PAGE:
Australia’s sovereign wealth fund grows on equity rally; cautious about rate cuts

By Lewis Jackson

SYDNEY (Reuters) -Australia’s sovereign wealth fund has cautioned against expecting rate cuts in Australia or the U.S. anytime soon after reporting on Tuesday a rebound in its performance in the final quarter of 2023 buoyed by the rally in global equity markets.

The A$212 billion ($139 billion) Future Fund, returned 8% in the year ended Dec. 31, narrowly missing its target return of 8.4%. In the December quarter it returned 3.2% versus a target of 1.9%.

Chair Peter Costello, who retires next month, said while there were signs inflation in Australia was beginning to moderate, it was too early to call a peak in interest rates.

“We think equity markets have priced in a peak and maybe a fall in interest rates already and they may have done that a little too early,” Costello, who was Australia’s Treasurer from 1996 to 2007, said on a call with reporters.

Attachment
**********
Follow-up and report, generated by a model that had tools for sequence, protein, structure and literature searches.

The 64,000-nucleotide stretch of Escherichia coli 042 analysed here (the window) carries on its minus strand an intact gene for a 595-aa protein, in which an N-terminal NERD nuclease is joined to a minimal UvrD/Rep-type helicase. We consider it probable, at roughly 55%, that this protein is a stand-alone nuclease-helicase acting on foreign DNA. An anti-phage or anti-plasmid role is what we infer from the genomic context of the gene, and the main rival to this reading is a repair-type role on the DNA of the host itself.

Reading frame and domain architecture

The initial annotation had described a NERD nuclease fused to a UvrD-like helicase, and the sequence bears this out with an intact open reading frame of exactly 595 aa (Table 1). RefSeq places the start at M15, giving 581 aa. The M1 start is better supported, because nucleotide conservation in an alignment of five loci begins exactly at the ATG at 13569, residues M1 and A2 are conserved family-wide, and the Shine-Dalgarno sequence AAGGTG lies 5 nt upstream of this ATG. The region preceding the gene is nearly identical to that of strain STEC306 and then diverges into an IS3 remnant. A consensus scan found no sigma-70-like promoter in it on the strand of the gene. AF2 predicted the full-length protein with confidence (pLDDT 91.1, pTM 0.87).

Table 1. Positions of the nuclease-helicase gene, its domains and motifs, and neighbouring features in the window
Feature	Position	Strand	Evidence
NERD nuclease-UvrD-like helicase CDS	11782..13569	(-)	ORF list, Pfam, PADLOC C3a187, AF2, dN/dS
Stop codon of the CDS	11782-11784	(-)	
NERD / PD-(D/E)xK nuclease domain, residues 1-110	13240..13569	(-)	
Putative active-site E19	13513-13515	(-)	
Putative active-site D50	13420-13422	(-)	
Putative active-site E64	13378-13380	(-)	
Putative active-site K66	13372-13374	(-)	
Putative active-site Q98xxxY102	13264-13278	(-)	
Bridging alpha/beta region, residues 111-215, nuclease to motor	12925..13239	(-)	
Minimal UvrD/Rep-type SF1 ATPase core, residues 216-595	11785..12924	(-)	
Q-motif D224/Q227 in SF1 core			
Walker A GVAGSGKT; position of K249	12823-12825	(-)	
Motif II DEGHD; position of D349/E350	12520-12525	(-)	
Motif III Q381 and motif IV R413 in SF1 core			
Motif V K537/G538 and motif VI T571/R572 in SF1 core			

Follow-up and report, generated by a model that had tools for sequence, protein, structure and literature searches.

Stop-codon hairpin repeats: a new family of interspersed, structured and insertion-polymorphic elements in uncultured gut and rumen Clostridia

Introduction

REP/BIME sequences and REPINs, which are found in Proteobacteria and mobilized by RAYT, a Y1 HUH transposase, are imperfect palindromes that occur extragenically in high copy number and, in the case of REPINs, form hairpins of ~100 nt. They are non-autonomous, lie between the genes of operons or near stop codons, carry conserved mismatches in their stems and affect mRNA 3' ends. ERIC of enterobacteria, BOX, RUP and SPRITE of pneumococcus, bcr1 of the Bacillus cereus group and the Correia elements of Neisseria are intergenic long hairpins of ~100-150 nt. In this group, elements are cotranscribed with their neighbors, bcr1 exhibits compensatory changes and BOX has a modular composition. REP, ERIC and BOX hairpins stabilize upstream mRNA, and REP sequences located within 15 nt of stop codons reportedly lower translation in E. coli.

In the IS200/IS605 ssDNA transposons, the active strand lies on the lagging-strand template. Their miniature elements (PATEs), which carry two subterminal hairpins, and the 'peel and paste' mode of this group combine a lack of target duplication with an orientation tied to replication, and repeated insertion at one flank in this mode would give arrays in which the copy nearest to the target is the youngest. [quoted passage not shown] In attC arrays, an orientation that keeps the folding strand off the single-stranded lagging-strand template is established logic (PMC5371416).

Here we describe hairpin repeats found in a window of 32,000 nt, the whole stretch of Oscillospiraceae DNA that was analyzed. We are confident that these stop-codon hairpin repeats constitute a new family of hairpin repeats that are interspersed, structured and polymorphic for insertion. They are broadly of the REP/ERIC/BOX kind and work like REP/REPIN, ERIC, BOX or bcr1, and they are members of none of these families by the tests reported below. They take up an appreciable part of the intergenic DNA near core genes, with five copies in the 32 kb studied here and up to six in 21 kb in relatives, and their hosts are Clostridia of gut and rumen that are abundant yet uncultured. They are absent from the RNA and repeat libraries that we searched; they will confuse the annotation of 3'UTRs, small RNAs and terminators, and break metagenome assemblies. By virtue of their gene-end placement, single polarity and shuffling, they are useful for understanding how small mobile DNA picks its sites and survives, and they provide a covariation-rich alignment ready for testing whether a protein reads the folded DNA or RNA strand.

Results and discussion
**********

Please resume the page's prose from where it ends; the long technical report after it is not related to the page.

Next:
Markets are wagering Australia’s interest rates have peaked but do not forecast rate cuts until November, expecting total easing this year of a modest 34 basis points.

CEO Raphael Arndt said the fund did not expect rate cuts in the U.S. “anytime soon” and had increased its allocation to floating rate credit to just over 10% of the fund as a result.

The above target December quarter gains followed a choppy patch for the sovereign wealth fund, which has repeatedly missed its return targets, in part due to being positioned for interest rates to stay higher for longer.

Arndt said the fund had made A$70 billion worth of portfolio changes over the past 18 months in line with its view set out in 2022 that an era of “stagflation”, or slow growth and high inflation, similar to the 1970s was possible.

Designed to cover pension liabilities for public servants, the Future Fund was set up in 2006 with the proceeds from the privatisation of state telco Telstra and today rivals Australia’s largest pension funds in size.

($1 = 1.5223 Australian dollars)

(Reporting by Lewis Jackson; Editing by Jamie Freed)